KEYAH/BLU’s ‘Sorry, I Forgot You Were Coming’ is her come out party - Bubblegum Club

KEYAH/BLU’s ‘Sorry, I Forgot You Were Coming’ is her come out party

The United Kingdom’s mainstream culture has captured the imagination of the world. The underground scene is just as impactful as it has spread far and wide. KEYAH/BLU is a representation of the eclectic and dynamic group of young artists pushing boundaries and making a mark. After multiple collaborations with the likes of Denzel Himself and Joy Orbison, Keyah has now created a lane for herself with her EP, Sorry, I Forgot You Were Coming. The six-track offering is a journey into love, intimacy, heartbreak, sadness and an exploration into sexuality through the sonic landscape of psychedelic hip hop, hypnotic dance beats and alternative R&B. The body of work is an account of different phases in her journey of transitioning from teenage years into adulthood. The title of the project is a reflection of the chaotic time in her life that is reflected in the EP. Speaking on the project, she says: 

When I was making the project, I felt like my life was pretty chaotic. And I would often run into the problem where I would forget that I was supposed to do things or supposed to be seeing people. I would forget deadlines and sh*t like that. When I chose the title, it just kind of represents that idea. The album also represents the things I’m trying to manifest for myself and how they show up in my life.

The EP starts with the cheeky and sultry record, “Freeze”. In this record, she boldly expresses her sexuality, embodied when she sings: “Won’t bad you up, I’m just teasing/ You’re bad enough and I’m easy/ Still on you every damn season/ Like if the boy’s hungry I’ll feed him/ Might peel it back he might eat it/He do it right, he might beat it” She opened with that specific record because she liked the production on it and felt it was the perfect energy to start the EP with. The production sounded so cinematic,” explained the South Londoner. 

As soon as I heard that beat, I thought, ‘Yo, this sounds like the opening to the best album ever.’ It was never really a song. It started off as this little verse and then I did a little freestyle over the rest of the song and I really liked it so I thought it would be a good place to start,” Keyah goes on further. 

Production on the project was primarily handled with long-time collaborator and friend, Denzel Himself but also features sonics from Kong, TMNMS and production from the talented artist herself. The EP goes into different pockets sonically and it is stitched together by Keyah’s unique music style. Denzel Himself produced the opening song as well as “Heidi”. Speaking on working with him, the 22-year-old said:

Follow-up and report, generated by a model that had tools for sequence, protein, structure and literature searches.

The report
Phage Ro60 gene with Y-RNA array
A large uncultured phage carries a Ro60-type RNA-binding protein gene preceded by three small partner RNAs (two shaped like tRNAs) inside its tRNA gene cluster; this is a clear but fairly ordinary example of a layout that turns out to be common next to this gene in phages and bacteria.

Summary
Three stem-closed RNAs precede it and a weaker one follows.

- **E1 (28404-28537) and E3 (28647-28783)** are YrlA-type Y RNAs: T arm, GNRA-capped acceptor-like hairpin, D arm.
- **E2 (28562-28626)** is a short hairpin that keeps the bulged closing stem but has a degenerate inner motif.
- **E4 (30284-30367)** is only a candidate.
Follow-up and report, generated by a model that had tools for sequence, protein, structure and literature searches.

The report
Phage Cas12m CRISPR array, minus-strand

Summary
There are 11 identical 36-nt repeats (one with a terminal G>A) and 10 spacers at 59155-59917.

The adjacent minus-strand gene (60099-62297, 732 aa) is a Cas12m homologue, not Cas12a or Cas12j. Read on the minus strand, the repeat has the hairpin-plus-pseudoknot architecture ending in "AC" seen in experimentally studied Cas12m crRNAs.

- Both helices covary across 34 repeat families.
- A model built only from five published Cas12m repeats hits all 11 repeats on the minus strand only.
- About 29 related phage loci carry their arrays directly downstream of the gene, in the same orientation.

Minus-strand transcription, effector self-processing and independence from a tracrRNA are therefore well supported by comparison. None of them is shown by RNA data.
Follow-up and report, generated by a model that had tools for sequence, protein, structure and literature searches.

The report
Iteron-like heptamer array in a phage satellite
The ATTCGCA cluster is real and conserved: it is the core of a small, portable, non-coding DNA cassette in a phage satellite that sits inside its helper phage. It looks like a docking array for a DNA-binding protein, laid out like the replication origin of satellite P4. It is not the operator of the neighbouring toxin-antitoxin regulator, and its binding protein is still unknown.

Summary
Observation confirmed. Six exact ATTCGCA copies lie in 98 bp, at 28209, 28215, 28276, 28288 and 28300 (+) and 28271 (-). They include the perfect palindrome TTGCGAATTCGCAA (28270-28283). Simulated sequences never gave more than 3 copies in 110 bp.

That’s my brother. I have no other words for it. Denzel and I go back to when I first started making music. Not only does he hold a special place in my heart but he’s also one of my favourite producers of all time. I feel so honoured to work with such a skilled and talented person. He’s definitely helped me develop my sound and a big part of my journey.

She also took a swing at producing — making the standout songs, “If You Know” and “The Final Finesse” for the project. 

I just really like music. I wanted to create a more refined sound for myself and so I started dabbling in production. During that, I was making sounds that I really liked, and the more I progress, the more I will produce my own tracks. As I got more input from others, I got more confident but it was a process.

The rapper/singer admits that producing wasn’t a walk in the park. She particularly struggled with making and completing “If You Know”. She adds:

It was difficult to make because I’m very sensitive about my work and what I put out into the world. I felt a lot of insecurity around it and I didn’t rate myself as a producer. I had this track but I didn’t consider myself a producer, and so there was fear around that. It just made the track really hard to finish.

The project slows down in tempo and ends with the mellow and chilled song, “Till Bliss”. It was one of the first songs she recorded and so it holds sentimental value to her. It is also a good way to round out an EP that reflects the growth in her artistry. “As far as being an artist, I am multi-faceted and I have a whole bunch of ideas. I hope people understand that and feel like my music will be there for them”.

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